Take the 2-minute tour ×
Writers Stack Exchange is a question and answer site for authors, editors, reviewers, professional writers, and aspiring writers. It's 100% free, no registration required.

Generally, writing something confusing is not good.

On the other hand, a writer should show rather than tell. (Generally.)

What I'm trying to do is imitate the way one's thoughts get all muddled while falling asleep. The settings: Character being hunted by people who are trying to kill her. Now she's hiding, and - after so much time on the run - is falling asleep.

Her drowsy brain tossed at her fake, annoying sounds of questions and requests in voices of people she knew. She wanted to fall asleep and sleep but she couldn’t sleep because she couldn’t fall asleep even though she was very tired. She wanted to giver herself away to her pursuers, to sleep, to death. She was tired, like a brink crawling and skipping off and on the height of a wall together with something else that wasn’t exactly the opposite of the sort of idea that tended to laugh particularly because when it was time to throw the street under the most medium lightning snake nobody would have to.

My question: Is this a valid way to demonstrate what the character is going through, or is it simply too weird and confusing?

share|improve this question
2  
My problem would be why is the narrator making less sense because the character is tired? Interesting idea, however it almost seems like we're suddenly getting stream-of-consciousness from a third person perspective. –  Ben Brocka Jan 24 '12 at 21:27
    
It's an absolutely great idea! Don't worry that the words are the narrator's, whose job it is, after all, to tell/show her state of mind. –  Pete Wilson Jan 28 '12 at 15:15
1  
@BenBrocka I agree. This is a great concept, but perhaps one should try to hint that the narrator is describing the nonsense that the character is perceiving? Something like She wondered why a medium lighting snake... –  HNL Feb 5 '12 at 5:25
add comment

3 Answers 3

up vote 5 down vote accepted

I agree with Lauren. I like the concept a lot.

It is a very difficult balance to try to use a unique literary device like purposefully garbled inner-dialog while remaining invisible as the author. If you're too obvious it feels out of place, but if you're too subtle then it just looks like sloppy writing. It's a bold move for sure.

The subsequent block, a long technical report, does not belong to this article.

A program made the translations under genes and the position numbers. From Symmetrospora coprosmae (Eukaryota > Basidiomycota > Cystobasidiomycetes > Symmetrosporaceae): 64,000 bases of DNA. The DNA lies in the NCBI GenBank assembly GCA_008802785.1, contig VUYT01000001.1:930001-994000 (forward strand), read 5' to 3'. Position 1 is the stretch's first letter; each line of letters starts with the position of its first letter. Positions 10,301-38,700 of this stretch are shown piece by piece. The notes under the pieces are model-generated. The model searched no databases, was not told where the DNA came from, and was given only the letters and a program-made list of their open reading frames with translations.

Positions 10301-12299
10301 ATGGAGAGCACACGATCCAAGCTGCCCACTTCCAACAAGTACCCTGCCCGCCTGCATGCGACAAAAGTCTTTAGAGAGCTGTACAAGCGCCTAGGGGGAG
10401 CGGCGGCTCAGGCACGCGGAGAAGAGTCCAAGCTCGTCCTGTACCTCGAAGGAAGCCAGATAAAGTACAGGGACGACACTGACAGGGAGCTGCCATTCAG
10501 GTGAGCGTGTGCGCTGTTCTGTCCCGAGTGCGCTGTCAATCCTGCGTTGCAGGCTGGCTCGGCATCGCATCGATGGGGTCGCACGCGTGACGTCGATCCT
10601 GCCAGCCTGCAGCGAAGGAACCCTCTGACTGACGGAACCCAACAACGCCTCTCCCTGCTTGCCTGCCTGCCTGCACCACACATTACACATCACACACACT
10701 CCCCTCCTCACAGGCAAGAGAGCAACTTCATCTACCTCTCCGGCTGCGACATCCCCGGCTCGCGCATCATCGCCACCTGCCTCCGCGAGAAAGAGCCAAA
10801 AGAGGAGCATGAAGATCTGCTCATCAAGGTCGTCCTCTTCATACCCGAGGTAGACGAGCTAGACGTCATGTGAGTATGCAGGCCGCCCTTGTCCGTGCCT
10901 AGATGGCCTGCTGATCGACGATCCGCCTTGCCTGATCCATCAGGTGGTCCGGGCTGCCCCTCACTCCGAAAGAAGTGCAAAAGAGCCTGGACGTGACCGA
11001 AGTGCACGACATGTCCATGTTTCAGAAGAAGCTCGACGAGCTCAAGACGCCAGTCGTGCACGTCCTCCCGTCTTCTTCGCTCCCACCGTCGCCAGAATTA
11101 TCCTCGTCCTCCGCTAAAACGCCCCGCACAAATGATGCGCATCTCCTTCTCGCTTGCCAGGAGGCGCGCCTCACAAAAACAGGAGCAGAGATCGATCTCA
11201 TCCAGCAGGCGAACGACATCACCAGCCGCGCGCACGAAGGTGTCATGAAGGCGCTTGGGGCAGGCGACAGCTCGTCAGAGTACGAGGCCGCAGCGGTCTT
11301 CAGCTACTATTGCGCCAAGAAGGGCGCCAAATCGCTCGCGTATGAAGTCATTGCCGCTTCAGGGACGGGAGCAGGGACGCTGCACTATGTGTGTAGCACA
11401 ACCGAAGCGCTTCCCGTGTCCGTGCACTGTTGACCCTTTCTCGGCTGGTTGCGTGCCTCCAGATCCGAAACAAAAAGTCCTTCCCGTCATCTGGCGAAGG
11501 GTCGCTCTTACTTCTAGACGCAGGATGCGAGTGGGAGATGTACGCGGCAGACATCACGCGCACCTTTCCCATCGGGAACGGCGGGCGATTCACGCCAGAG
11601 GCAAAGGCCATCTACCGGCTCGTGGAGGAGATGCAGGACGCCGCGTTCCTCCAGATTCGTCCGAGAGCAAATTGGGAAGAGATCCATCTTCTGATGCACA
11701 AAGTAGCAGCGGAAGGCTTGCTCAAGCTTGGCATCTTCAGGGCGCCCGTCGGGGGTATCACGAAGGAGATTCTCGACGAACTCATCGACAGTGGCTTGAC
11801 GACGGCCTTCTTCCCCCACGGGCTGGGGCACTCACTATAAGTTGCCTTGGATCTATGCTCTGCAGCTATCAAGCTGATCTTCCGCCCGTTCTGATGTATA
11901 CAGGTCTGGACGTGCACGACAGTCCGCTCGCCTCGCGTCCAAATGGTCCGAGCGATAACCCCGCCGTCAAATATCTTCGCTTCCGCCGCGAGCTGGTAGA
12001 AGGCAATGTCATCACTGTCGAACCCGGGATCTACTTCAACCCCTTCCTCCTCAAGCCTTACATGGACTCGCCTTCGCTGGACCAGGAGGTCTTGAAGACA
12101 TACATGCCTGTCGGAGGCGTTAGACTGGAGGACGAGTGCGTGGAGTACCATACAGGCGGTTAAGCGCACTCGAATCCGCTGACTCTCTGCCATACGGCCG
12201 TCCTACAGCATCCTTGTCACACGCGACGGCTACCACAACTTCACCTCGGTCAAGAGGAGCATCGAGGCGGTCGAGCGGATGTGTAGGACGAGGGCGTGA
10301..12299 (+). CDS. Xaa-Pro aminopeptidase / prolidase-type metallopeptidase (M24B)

I can think of a couple alternatives you might use instead of, or in conjunction with your idea...

Poetic offsets are a useful tool if not used in excess. They signal a reader to read this text in a different way without necessarily having to say anything at all.

"Her drowsy brain tossed at her fake, annoying sounds of questions and requests in voices of people she knew. She wanted to fall asleep and sleep but she couldn’t sleep because she couldn’t fall asleep even though she was very tired. She wanted to giver herself away to her pursuers, to sleep, to death. She was tired..."

note: not suggesting that structure specifically, just an example.

Alliteration is another poetic tool that could get the point you want across. Wordsworth was the master of alliteration in my opinion. Anytime I wonder if it's possible to make words sound like something completely unfathomable I read his poetry and am usually inspired. I don't have a specific suggestion here, but I do think that classical poetry could offer something more to your idea.

A final thought. To answer your question as briefly as possible, I would say yes it is Ok. The one thought I can't shake though is, if you had not specifically asked if it was Ok, would I have noticed what you were doing on my own? I think you might get a better response to your raw idea if you ask us blind next time. It might have been the same, I might have thought it was really clever, but unfortunately I'll never know because I already knew what you were doing before I read your work. Very interesting idea Jacob, good luck with it!

share|improve this answer
1  
Going blind would have given us a 180 deg 'better' result or view but I don't know if it would've been allowed. If he had done it then said it was a test, well, can somebody tell me the norm in such a case here? –  Mussri Jan 24 '12 at 15:30
add comment

I think the effect is absolutely worth working toward, but I'm not sure you're working in the right direction.

The excerpt you gave, for me, felt stimulating rather than lulling. The first sentence was frustrating ('tossed at her' made me think the brain was tossing (like tossing and turning) in response to the voices) so my brain was on edge, and then the repetition of 'sleep' and 'asleep' seemed to intensify rather than sooth. I'm not sure about the long sentences, either. I think they tend to build toward a climax, rather than ease into relaxation.

So, absolutely OK to try, but this attempt didn't work for me.

share|improve this answer
add comment

I like this idea, actually. I'd straighten it up just a little:

She was tired, like a bug crawling and skipping off and on the height of a wall together with something else that wasn’t exactly the opposite of the sort of idea, sort of laughing but not really meaning it particularly because when it was time to throw the street under the most medium lightning nobody would have to because she wasn't serious, not really.

There's just enough of a thread of an idea which can be followed semi-logically, without becoming entirely gibberish. It's a cool technique. Go for it!

share|improve this answer
add comment

Your Answer

 
discard

By posting your answer, you agree to the privacy policy and terms of service.

Not the answer you're looking for? Browse other questions tagged or ask your own question.